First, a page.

Massachusetts warmed up for November last week: Thousands Of Mail-In Ballots In Franklin Not Counted On Election Day. They "found" 3000 uncounted ballots that were allegedly languishing somewhere (it's not clear where) instead of being sent to counters.

  • But Patterico notes that fraud is bipartisan: President Donald J. Trump Encourages Supporters to Commit Felony Voter Fraud.

    When all you have is a hammer, every problem looks like a nail. When you’re a criminal, every problem looks like something that could be solved by committing a crime:

    President Donald Trump suggested that people in North Carolina should vote twice in the November election, once by mail and once in person, escalating his attempts to cast confusion and doubt on the validity of the results.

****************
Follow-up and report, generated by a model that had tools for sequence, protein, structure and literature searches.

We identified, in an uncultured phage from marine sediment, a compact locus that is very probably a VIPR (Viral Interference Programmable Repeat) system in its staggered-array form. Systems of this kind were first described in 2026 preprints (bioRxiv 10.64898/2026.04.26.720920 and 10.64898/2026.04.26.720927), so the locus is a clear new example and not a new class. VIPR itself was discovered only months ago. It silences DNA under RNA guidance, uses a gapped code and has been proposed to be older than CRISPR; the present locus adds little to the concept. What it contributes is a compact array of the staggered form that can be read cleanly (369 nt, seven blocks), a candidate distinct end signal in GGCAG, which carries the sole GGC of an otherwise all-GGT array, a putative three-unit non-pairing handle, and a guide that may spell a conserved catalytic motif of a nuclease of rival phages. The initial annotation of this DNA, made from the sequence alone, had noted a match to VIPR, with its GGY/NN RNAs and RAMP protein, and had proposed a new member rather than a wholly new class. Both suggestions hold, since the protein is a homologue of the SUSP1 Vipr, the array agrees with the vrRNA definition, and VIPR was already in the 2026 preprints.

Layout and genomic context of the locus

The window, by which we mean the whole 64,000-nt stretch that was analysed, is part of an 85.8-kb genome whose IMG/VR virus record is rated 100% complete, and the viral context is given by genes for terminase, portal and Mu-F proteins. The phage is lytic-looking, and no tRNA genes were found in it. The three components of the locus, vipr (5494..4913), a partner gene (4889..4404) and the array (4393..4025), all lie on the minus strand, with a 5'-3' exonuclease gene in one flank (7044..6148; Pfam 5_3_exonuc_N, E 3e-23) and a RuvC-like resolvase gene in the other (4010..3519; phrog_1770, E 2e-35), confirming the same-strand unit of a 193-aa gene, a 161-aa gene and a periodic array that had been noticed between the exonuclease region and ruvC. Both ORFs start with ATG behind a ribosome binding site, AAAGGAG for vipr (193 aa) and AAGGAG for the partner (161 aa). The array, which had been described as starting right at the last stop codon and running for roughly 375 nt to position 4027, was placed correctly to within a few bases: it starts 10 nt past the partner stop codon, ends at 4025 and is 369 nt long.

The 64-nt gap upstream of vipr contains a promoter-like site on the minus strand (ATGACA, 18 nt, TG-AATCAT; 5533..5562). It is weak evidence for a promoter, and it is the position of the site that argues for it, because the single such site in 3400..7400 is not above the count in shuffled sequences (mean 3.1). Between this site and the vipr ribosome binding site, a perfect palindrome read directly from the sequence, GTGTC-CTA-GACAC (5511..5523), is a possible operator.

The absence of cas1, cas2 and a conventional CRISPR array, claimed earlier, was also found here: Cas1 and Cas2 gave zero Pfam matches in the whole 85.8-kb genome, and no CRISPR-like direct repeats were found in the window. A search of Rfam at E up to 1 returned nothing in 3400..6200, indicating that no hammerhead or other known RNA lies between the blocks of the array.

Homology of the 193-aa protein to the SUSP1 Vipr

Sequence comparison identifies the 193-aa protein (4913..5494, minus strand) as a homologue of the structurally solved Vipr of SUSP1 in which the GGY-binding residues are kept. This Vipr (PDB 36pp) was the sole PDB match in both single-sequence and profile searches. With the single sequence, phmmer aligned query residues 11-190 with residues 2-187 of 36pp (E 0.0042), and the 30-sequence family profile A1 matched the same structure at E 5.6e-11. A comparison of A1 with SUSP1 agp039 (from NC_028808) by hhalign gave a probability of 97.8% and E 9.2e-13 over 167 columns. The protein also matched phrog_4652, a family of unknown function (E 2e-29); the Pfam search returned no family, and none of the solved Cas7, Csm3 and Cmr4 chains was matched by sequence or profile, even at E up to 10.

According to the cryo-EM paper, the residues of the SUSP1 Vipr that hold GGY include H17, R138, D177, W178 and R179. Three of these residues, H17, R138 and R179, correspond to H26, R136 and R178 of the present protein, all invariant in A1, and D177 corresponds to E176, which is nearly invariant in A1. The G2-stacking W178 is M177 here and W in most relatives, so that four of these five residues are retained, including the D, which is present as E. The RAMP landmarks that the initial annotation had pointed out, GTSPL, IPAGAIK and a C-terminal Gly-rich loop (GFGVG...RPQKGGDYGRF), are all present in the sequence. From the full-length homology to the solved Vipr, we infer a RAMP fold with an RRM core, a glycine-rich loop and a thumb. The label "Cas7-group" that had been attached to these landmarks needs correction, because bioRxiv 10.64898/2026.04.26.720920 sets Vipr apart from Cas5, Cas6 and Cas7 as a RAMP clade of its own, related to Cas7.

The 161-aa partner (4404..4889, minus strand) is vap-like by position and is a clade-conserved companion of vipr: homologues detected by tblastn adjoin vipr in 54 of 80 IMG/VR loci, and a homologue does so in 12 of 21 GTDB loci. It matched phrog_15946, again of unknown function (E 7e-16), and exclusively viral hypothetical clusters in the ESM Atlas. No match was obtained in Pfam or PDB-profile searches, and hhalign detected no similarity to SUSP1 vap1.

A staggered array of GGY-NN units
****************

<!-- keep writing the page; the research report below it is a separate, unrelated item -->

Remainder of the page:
“So let them send it in and let them go vote, and if their system’s as good as they say it is, then obviously they won’t be able to vote. If it isn’t tabulated, they’ll be able to vote,” Trump said when asked whether he has confidence in the mail-in system in North Carolina, a battleground state.

    “If it’s as good as they say it is, then obviously they won’t be able to vote. If it isn’t tabulated, they’ll be able to vote. So that’s the way it is. And that’s what they should do,” he said.

    It is illegal to vote more than once in an election.

    But Ann Althouse says, wait a minute: Trump was not really saying to vote twice..